Beer Review: 4 More Black Is Beautiful Beers
Tuesday at 8:38 pm
I’ve needed to catch up with the beer reviews I’ve already recorded for my “One Take Beer Review” YouTube playlist. And I have reviewed more of the Black Is Beautiful collaboration beer series, intended to raise funds and awareness for Black issues and social justice.
My chance to catch up was the weekend before last, when Orange & Brew Bottle Shop held a Black Is Beautiful tap takeover. Among the ten beers they had on tap were four I had not gotten to before. And they just happened to be selling a flight of four beers. So here we go:
Midwest Coast Black is Beautiful Oatmeal Stout – 5.9% ABV
Roasty, with a dark appearance. There is a bit of coffee roast malt in the taste. However, it is somewhat smoothed by the oatmeal. This is a good example of a regular American-style stout.
Pipeworks Black is Beautiful Imperial stout with maple and cinnamon. – 10.0% ABV
Proceeds benefit My Block, My Hood, My City.
Plenty of maple in the nose, mostly like a maple frosted doughnut, which can get an “artificial” note if there’s too much of it. Chocolate roast malts come up in the taste, then backed up by a cinnamon edge. Light foam that leaves some oily legs around the sides of the taster glass. Alcohol is warming, and accented by the maple syrup.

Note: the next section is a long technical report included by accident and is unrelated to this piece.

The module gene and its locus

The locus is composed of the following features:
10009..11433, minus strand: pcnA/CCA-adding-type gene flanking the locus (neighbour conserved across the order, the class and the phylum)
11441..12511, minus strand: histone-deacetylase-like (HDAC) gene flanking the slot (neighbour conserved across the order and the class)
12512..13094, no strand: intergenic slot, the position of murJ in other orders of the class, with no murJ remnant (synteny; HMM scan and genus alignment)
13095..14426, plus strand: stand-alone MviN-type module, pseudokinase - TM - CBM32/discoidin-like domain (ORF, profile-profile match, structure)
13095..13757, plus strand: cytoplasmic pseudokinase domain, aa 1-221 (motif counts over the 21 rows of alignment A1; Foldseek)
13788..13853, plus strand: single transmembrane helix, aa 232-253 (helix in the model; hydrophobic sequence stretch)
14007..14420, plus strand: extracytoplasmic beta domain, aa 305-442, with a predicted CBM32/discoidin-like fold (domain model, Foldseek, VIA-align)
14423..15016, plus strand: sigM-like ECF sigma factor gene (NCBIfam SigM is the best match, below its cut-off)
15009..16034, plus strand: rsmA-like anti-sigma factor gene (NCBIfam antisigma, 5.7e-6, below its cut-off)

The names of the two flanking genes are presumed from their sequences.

Revolution Brewing Black is Beautiful – 10.0% abv
Also benefiting My Block, My Hood, My City.
Not much nose to start. And not as much foam as the others I’ve had today. Taste is nice, though, with a mild roast malt. More of a strong porter than an imperial stout. Smooth, and a little lighter in alcohol. Then the alcohol seeps in halfway through, improving the final result.
Sketchbook Brewing Co. Black is Beautiful – 10.0 abv
Benefiting the Chicago Alliance Against Racist and Political Repression
Another straight ahead Impy Stout. A mild nose, and perhaps that’s my issue. As the last beer in my flight, it’s still showing a little bit of tan head after several minutes. The taste has “clean” dark malt with little roastiness. Nice and smooth compared to some of the other beers. Alcohol is surprisingly not that apparent, considering I’ve now finished the equivalent of 20 oz. of stout.
It should be noted that on top of the proceeds being donated from the individual brewers, Orange & Brew was earmarking the proceeds from this event to the Chicago-based Wood Family Foundation.
I’ve finally gotten as much out of this series as I’m likely to find. I hope to bring in some more at a later date.